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Both oral and nasal swabbing recommended to boost COVID rapid test reliability, Ontario experts say

Click to play video: 'Rapid tests to be made available for free at Ontario grocery stores, pharmacies'
Rapid tests to be made available for free at Ontario grocery stores, pharmacies
WATCH ABOVE: Rapid tests to be made available for free at Ontario grocery stores, pharmacies – Feb 9, 2022

TORONTO — Rapid antigen tests don’t detect COVID-19 infections with the Omicron variant as reliably as they did with the Delta strain, but changing how and when the tests are performed can boost their accuracy, Ontario’s expert science advisers say.

The science advisory table said in a brief released Thursday that the rapid tests, which involve nasal swabs, are less sensitive for Omicron, especially in the first one or two days after infection.

“A single negative test result is not conclusive and should not be used as a green light for abandoning or reducing precautions,” the experts said, though a positive result can be considered positive for COVID-19.

Looking at various studies, the brief said the pooled sensitivity of rapid antigen tests for detecting Delta is 81 per cent, while the pooled sensitivity for detecting Omicron is about 37 per cent.

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Read more: Here’s where you can get a free COVID-19 rapid antigen test in Ontario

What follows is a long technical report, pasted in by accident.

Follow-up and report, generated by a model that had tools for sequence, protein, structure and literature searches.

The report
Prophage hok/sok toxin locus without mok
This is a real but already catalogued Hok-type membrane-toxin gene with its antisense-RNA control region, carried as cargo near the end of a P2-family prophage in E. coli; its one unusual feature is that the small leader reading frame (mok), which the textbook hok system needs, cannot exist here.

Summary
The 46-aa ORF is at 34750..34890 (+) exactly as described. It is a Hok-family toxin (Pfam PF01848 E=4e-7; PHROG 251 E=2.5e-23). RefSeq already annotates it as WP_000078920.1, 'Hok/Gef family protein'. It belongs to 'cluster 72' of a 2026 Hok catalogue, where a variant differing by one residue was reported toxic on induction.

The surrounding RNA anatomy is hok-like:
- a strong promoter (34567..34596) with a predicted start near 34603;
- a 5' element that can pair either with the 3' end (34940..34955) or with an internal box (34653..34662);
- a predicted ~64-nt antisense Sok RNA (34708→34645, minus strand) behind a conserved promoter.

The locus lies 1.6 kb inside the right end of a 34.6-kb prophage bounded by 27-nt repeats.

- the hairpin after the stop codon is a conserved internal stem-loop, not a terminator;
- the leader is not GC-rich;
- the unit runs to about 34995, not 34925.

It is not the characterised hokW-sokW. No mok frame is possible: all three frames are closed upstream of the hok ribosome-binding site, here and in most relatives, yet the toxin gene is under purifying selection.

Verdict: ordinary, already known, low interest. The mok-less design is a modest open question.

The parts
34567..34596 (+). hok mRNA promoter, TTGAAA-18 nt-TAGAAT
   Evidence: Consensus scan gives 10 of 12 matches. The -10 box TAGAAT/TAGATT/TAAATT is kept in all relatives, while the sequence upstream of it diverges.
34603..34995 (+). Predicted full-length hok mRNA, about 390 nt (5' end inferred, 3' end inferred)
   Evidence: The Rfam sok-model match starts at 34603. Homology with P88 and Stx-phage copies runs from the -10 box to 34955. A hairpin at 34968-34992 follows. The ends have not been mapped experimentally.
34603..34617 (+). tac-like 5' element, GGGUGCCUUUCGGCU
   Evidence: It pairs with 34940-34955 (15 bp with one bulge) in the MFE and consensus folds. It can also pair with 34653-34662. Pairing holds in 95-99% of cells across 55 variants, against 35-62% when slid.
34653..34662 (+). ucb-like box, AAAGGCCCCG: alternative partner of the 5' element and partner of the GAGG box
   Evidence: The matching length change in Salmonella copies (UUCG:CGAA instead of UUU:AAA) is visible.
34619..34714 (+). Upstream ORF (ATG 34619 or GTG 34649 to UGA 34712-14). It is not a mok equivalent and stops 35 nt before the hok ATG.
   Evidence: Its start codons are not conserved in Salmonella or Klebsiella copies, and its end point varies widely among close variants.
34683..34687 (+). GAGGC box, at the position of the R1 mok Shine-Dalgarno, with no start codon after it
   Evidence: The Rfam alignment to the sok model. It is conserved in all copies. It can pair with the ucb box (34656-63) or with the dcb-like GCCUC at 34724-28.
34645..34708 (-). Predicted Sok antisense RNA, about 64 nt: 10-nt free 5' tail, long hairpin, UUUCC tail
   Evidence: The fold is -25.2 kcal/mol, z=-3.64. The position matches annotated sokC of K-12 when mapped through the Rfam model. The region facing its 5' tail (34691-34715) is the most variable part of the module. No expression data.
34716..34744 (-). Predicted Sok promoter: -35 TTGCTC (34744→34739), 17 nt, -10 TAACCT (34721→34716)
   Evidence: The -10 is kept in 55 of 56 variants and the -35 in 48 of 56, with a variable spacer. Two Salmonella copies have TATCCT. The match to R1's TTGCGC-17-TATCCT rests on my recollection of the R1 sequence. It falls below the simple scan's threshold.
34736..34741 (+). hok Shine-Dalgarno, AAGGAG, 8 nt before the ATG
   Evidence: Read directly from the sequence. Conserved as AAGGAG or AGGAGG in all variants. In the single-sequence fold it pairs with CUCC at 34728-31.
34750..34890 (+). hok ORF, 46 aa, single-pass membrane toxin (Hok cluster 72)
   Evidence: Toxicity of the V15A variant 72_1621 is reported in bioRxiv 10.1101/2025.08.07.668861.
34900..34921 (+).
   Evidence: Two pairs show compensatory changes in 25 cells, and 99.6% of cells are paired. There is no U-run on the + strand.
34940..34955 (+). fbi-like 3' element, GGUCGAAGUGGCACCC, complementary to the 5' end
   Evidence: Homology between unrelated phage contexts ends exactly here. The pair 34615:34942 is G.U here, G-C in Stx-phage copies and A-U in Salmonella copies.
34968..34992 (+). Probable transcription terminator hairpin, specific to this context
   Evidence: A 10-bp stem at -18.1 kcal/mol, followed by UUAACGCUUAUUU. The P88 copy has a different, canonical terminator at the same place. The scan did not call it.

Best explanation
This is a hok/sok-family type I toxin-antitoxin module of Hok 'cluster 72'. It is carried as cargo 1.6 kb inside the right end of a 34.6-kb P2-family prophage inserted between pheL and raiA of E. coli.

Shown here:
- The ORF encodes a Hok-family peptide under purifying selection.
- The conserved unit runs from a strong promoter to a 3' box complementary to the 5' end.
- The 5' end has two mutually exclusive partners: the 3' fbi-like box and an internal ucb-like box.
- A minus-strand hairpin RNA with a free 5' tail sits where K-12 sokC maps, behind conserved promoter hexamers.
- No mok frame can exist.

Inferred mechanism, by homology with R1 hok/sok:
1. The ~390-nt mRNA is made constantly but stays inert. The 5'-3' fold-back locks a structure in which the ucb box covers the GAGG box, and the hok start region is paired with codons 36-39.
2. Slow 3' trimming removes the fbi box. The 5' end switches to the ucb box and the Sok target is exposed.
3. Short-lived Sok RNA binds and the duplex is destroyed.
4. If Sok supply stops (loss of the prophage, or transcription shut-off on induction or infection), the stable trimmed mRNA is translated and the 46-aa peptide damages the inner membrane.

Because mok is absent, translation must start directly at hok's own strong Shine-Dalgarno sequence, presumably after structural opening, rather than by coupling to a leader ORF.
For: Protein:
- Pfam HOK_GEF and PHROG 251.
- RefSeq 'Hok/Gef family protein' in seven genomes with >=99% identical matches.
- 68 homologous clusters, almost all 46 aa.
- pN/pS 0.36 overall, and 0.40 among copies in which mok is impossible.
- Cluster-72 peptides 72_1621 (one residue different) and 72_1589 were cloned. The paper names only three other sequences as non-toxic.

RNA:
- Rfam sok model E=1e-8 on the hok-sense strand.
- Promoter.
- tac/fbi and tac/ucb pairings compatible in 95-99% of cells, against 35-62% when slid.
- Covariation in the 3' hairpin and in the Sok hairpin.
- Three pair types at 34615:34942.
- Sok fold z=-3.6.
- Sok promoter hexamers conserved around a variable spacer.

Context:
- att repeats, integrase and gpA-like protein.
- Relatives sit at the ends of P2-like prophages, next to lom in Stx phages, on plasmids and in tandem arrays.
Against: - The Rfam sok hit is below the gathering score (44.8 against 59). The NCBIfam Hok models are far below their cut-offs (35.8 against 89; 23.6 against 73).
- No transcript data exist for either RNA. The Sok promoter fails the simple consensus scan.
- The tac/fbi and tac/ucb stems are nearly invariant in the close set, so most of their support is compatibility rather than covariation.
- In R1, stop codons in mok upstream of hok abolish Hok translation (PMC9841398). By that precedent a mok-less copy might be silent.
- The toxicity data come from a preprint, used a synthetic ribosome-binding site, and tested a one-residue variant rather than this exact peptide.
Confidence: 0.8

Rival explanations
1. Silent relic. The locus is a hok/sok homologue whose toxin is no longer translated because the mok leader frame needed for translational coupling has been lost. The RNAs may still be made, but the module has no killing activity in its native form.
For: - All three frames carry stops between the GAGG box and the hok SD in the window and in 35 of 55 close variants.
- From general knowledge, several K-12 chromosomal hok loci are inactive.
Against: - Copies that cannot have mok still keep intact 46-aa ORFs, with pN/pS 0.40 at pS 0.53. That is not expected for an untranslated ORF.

But, they said the tests are better at detecting Omicron if people swab both cheeks, followed by the back of the tongue or throat, then both nostrils _ not just inside the nose, as per manufacturer instructions.

One study mentioned in the brief looked at the Abbott Panbio rapid antigen test and found that sensitivity for the Omicron variant for a nasal sample alone was about 68 per cent, while the sensitivity for a combined nasal and throat sample was about 82 per cent.

The science table also cited a study suggesting that sensitivity for detecting Omicron varies between different commercial tests.

As well, the timing of the test matters, the brief suggested. In one study, 30 people who tested positive for COVID-19 on a PCR test did daily rapid antigen tests and no one received a positive result until two days after the PCR positive.

Read more: Free COVID rapid antigen tests now available at Ontario grocery stores, pharmacies at one-box limit

At that point, the study said, the test sensitivity was about 17 per cent, but that increased to 83 per cent on day three and was 100 per cent for the next few days.

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“In summary, the majority of cases were infectious for multiple days before they had a positive rapid antigen test result,” the science table brief said.

Current provincial guidance allows people to end isolation — for example, if they develop symptoms — once they receive negative results on two rapid tests 24 to 48 hours apart.

The results of negative rapid antigen tests are more reliable when they are used frequently, the science table said, such as three to five times a week for voluntary asymptomatic screening.

Health Minister Christine Elliott announced Wednesday that the province is boosting availability of rapid tests, making them free for people to pick up at grocery stores, pharmacies and other settings.

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